And they got rid of the wierd stuff like the enormous constructions of a zillion chrysanthemums configured to be something seasonal like a floral Santa in a badly constructed plywood, painted sleigh with plywood deer. Or my all time favorite, Humpty Dumpty at Easter. They also had a bunch of "themed" rooms like the Mill or the other, the asian room that were sadly realized and biased about the cultures they were to represent. Disneylike without the humor, style or frankly, the coinage to pull it off. Something they should return, was the man in the front of the Phipps playing the Wulitizer organ the entire time one viewed the flowers and the floral "displays". This ridiculous bouncy, roller rink music was truly the secret sauce that held all the wierdness together.

For more pictures, please click to the flick'r album. Couldn't resist.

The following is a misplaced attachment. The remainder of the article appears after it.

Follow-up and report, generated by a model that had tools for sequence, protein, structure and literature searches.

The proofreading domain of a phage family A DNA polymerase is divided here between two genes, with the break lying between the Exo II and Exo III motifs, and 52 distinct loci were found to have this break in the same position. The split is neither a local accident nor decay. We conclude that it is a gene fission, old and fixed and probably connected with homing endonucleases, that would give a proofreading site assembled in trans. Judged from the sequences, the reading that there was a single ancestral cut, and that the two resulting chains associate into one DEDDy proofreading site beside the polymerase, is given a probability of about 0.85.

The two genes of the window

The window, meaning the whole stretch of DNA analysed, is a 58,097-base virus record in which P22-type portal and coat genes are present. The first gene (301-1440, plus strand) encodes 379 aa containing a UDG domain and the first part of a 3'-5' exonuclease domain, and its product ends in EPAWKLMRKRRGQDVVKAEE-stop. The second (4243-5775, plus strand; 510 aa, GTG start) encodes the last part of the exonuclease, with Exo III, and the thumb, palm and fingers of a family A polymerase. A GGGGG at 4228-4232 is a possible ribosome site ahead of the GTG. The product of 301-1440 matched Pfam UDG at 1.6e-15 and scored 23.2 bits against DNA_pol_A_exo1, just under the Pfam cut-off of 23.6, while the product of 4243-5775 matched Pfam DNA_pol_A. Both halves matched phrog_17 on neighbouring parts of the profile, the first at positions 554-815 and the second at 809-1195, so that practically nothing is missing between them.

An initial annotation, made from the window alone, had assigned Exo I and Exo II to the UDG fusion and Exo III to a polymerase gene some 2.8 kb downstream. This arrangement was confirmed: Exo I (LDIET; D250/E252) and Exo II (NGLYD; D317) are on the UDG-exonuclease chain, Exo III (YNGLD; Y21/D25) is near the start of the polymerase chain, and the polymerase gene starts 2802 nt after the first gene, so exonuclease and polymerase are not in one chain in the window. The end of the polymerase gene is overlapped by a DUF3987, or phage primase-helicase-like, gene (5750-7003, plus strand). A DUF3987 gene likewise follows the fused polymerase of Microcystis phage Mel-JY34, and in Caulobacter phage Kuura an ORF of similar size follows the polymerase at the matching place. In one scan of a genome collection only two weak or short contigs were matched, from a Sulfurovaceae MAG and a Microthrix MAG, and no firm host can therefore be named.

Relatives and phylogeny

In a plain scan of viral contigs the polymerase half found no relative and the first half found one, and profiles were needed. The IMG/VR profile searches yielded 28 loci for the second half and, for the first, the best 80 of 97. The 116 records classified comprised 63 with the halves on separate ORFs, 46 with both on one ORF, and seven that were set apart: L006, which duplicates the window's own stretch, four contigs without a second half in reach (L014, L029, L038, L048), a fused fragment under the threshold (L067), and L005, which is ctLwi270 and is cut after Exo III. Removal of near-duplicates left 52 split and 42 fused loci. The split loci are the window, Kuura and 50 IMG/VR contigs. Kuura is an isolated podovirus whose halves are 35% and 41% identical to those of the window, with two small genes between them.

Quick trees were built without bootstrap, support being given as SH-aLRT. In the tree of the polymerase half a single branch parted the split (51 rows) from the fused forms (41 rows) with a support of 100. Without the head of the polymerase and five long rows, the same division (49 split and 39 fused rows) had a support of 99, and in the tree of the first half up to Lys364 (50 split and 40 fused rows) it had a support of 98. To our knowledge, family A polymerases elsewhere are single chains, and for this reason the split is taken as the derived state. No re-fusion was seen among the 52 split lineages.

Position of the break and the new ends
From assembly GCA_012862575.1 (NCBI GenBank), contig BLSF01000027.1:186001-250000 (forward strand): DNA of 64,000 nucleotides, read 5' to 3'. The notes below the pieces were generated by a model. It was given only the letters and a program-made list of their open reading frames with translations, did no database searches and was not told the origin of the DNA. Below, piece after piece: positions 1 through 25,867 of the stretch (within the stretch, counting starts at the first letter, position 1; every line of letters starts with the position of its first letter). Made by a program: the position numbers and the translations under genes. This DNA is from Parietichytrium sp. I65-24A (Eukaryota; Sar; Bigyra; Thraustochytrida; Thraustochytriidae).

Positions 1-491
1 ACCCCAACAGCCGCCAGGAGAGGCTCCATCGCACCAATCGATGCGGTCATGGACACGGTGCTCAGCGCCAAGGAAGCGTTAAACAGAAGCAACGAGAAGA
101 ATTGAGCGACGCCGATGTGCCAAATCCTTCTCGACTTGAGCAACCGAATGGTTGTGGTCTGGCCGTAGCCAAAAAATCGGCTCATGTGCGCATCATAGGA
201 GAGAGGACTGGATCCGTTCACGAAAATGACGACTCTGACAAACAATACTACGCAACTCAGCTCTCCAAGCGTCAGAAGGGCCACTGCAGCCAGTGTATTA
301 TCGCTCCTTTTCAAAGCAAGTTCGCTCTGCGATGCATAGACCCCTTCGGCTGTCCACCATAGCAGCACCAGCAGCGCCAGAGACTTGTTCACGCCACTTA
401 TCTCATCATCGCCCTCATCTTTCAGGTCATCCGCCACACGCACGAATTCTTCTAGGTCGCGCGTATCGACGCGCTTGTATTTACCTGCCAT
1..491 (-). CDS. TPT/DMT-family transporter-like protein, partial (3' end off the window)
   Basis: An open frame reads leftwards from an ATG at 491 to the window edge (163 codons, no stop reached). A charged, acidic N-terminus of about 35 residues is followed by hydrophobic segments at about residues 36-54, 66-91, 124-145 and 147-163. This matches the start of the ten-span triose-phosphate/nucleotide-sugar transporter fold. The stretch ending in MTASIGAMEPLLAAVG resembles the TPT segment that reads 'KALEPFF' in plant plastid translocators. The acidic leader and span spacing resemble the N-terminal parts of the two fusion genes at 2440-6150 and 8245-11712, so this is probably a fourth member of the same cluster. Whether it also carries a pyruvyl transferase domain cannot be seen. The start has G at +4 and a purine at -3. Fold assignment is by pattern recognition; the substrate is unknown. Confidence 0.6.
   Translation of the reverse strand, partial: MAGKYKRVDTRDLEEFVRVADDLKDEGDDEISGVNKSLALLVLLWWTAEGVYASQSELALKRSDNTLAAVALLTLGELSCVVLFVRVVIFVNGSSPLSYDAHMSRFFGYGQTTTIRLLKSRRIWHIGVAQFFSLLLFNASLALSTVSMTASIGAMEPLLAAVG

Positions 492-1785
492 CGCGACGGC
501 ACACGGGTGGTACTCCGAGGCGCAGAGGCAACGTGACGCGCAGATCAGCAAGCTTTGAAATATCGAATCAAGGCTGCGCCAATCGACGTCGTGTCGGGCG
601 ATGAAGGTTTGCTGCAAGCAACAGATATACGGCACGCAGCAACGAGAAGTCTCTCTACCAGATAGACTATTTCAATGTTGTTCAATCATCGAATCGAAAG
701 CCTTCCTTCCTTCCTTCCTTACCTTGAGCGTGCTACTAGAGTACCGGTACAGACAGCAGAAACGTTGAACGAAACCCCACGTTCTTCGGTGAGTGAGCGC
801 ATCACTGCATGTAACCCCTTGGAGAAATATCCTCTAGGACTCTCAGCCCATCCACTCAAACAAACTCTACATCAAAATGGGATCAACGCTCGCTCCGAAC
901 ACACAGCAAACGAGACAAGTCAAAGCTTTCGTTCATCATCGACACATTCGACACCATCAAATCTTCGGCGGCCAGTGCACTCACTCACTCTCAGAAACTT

More later on Pittsburgh>>

...and now we wait

The turkey has been carved. The pie devoured. The little blops of cranberry, moved about the plate. "The Game" continues. And now, we wait. The minutes tick by until tomorrow emerges and we have coupons and cards to redeeem and spend on the wildest day of the shopping year. I am giving thanks in my small way that much of my shopping is done, wrapped and delivered. There is a bit more, but nothing a trip through Amazon might deliver without the blood, sweat and tears that the trip to the mall delivers with far less hassle and far more pleasure than the random shopping spree accomplishes. Imagine. Another Christmas is in evolution. Seemed a bit more possible with the grains of hale clinging to the windows and trim of the car this evening.

I plugged away on the Syracuse presentation which is lookiing quite polished and as I have a bit more time, I can expand a bit without much sweat. R. tuned me into some museum "tricks" with lap dissolve etc. that helps build an idea simply and effectively. Will manifest it here. Its a bit late. Need to put my head down.

Tomorrow, Chihuly at the Phipps. Hopefully a visit with Uncle Andy (Warhol) too.

good night!